UPDATE: On Wednesday, June 14 and Thursday, June 15, Nevada Gov. Joe Lombardo (R) also signed Assembly Bill 286, which improves ballot access for eligible, incarcerated voters by requiring jails to better provide voting materials, and Assembly Bill 192, which standardizes the design of mail-in ballot return envelopes and clarifies electioneering rules.
UPDATE: On Wednesday, June 14 and Thursday, June 15, Nevada Gov. Joe Lombardo (R) signed two bills into law: Senate Bill 54, which requires the secretary of state to produce an election manual submitted for legislative approval and Senate Bill 327, which streamlines the establishment of polling places and drop boxes on Native American reservations.
On Friday, June 16, Lombardo vetoed three pro-voting bills: Assembly Bill 242, which would have required two, rather than one accessible voting machine at each polling location and required the use of electronic tabulators, Assembly Bill 246, which would have expanded voting materials and assistance in languages other than English and Senate Bill 443, which would have expanded the types of identification accepted for same-day registration.
WASHINGTON, D.C. — On Monday, June 5, the Nevada Legislature adjourned its 2023 regular session after sending a dozen election reform bills to Gov. Joe Lombardo (R). The bills passed by the Democratic-controlled Legislature that await gubernatorial action include:
- Assembly Bill 246, which would expand voting materials and assistance in languages other than English,
- Assembly Bill 286, which would improve ballot access for eligible, incarcerated voters by requiring jails to better provide voting materials,
- Senate Bill 327, which would streamline the establishment of polling places and drop boxes on Native American reservations and
- Senate Bill 443, which would expand the types of identification accepted for same-day registration.
Additionally, the Legislature passed Assembly Joint Resolution 6, a resolution not subject to gubernatorial veto, that would allow the state to join the National Popular Vote Interstate Compact. The compact is an alternative to the Electoral College that would ensure that the winner of the national popular vote becomes president. The resolution seeks to amend the state constitution, so it must pass the Legislature again next session before heading to voters in November 2026.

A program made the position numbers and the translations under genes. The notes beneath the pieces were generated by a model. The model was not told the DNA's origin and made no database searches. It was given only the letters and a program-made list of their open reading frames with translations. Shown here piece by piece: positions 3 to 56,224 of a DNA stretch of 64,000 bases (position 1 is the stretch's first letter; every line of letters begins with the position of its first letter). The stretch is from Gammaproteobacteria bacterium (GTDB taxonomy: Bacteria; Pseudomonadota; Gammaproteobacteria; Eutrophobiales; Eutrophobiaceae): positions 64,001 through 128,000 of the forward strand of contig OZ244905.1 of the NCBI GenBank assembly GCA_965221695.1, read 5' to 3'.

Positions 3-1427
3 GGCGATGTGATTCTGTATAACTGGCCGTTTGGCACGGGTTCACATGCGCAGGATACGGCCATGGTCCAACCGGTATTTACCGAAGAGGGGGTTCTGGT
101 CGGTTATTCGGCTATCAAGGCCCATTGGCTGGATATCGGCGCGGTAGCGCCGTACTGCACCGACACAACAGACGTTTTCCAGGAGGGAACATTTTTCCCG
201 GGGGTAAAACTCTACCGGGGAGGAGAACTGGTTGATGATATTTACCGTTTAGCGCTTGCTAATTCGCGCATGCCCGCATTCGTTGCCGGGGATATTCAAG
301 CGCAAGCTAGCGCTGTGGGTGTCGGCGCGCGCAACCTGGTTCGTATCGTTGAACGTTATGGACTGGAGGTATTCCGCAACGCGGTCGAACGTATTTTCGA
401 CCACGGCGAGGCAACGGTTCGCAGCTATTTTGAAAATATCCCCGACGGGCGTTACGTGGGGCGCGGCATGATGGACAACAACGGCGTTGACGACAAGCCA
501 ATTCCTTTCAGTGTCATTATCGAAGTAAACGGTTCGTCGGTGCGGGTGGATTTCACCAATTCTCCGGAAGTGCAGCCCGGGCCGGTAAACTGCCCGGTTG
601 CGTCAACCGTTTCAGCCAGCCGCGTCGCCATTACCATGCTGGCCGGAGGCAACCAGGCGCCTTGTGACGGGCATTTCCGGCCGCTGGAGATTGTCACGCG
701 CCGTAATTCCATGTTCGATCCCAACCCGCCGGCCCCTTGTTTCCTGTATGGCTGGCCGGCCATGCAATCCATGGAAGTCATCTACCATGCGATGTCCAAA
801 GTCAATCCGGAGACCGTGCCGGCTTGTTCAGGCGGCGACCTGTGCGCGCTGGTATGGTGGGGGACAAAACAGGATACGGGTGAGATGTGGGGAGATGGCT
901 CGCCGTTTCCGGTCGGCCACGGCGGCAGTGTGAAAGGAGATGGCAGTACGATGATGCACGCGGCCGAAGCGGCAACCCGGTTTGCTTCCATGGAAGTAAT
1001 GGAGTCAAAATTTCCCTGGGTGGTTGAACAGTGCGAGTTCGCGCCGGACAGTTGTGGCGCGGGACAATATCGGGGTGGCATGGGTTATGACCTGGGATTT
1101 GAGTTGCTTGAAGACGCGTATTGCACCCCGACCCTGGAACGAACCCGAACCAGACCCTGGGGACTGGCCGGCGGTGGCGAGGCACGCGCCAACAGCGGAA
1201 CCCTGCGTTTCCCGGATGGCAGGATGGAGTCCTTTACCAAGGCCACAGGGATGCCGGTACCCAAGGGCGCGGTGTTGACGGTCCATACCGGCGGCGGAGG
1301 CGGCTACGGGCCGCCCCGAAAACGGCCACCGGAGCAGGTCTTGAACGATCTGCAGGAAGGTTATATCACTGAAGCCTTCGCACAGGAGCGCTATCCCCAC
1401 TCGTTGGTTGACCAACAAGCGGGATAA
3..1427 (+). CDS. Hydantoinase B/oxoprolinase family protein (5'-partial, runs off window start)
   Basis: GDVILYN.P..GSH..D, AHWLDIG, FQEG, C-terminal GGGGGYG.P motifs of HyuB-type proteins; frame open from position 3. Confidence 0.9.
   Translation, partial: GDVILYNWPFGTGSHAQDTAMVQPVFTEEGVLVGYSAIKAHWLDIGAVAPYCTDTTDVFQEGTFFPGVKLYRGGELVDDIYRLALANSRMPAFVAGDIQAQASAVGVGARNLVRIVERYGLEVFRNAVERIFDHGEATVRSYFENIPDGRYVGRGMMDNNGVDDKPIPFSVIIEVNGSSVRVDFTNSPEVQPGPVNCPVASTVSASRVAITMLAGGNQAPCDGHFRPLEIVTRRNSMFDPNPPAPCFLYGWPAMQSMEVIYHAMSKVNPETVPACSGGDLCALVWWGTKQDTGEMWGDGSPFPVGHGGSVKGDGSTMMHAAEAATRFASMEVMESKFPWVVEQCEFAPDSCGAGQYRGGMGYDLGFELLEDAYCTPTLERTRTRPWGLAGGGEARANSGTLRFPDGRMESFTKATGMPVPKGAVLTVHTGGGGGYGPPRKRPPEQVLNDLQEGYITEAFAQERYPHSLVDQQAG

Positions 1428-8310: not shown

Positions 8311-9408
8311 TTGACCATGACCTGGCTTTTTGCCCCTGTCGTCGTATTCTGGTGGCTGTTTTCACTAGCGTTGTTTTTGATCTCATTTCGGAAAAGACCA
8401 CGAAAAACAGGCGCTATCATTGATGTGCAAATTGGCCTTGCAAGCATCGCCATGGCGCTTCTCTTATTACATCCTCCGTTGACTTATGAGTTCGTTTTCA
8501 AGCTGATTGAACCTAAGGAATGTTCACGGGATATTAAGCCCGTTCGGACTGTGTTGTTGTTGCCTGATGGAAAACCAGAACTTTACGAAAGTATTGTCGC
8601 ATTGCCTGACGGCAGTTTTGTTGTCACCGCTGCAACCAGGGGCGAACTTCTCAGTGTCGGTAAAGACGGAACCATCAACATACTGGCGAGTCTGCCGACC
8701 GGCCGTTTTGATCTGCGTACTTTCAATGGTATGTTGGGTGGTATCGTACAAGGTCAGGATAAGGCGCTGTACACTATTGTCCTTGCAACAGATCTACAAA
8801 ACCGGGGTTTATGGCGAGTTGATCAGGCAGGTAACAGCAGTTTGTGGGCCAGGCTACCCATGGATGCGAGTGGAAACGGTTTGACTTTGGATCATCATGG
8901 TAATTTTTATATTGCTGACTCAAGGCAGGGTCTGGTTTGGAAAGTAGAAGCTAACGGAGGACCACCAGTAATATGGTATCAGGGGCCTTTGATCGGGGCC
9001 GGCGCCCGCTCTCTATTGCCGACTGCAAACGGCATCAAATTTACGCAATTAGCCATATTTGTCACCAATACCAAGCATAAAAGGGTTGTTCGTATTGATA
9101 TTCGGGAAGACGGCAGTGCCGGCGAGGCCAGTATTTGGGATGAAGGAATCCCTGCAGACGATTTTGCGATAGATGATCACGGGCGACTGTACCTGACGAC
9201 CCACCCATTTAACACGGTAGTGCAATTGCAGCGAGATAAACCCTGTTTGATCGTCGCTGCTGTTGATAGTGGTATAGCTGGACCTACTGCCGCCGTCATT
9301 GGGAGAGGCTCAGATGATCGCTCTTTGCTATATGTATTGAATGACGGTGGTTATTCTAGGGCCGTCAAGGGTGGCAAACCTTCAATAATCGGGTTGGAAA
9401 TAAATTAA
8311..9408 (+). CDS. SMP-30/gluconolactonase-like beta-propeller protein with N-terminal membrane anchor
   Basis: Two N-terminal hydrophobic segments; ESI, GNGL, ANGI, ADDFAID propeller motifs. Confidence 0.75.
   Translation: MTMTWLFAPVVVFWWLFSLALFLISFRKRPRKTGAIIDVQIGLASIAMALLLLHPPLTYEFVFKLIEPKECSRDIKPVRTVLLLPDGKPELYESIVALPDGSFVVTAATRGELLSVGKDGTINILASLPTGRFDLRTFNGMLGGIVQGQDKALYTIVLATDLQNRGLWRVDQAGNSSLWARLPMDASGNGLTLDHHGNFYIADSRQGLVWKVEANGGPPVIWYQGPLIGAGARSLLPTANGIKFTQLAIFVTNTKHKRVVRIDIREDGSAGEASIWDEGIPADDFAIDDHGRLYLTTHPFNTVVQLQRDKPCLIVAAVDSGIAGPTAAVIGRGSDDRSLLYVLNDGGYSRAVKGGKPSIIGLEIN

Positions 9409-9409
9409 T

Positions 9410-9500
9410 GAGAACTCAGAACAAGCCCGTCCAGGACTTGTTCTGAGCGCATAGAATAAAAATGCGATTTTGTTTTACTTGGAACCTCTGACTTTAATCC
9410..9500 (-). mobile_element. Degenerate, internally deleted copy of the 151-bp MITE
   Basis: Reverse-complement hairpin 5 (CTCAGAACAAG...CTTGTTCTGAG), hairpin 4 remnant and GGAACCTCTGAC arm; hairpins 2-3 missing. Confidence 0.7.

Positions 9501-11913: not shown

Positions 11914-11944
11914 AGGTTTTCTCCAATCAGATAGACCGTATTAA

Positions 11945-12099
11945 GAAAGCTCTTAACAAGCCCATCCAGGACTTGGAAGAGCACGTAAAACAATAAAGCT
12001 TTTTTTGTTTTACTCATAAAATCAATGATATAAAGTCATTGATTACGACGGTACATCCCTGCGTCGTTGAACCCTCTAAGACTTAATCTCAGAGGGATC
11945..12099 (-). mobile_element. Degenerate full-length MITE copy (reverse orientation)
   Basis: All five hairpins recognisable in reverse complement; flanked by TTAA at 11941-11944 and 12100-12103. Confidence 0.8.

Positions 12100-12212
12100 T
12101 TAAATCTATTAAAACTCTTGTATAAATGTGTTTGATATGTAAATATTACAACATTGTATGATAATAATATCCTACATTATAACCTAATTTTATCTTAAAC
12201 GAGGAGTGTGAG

Already, Lombardo has signed two pro-voting bills into law. Senate Bill 216, signed on June 9, will improve voting access for Native American voters. The law establishes meetings between election clerks and tribal leaders to coordinate voting locations and permits Native voters residing on reservations to utilize an electronic transmission system for voting typically reserved for overseas and military voters and voters with disabilities.
Senate Bill 406, signed into law on May 30, creates new offenses designed to protect election officials from intimidation and election interference. “I want election workers to know that the secretary of state’s office has their back,” said Secretary of State Cisco Aguilar (D) at the bill signing ceremony.
Lombardo has also vetoed several election bills including legislation that would penalize fake electors, require the secretary of state to create a plan if the certification of election results are delayed and tweak the statute governing voter challenges. Given Lombardo’s mixed actions, it is unclear if he will sign these newest election reforms.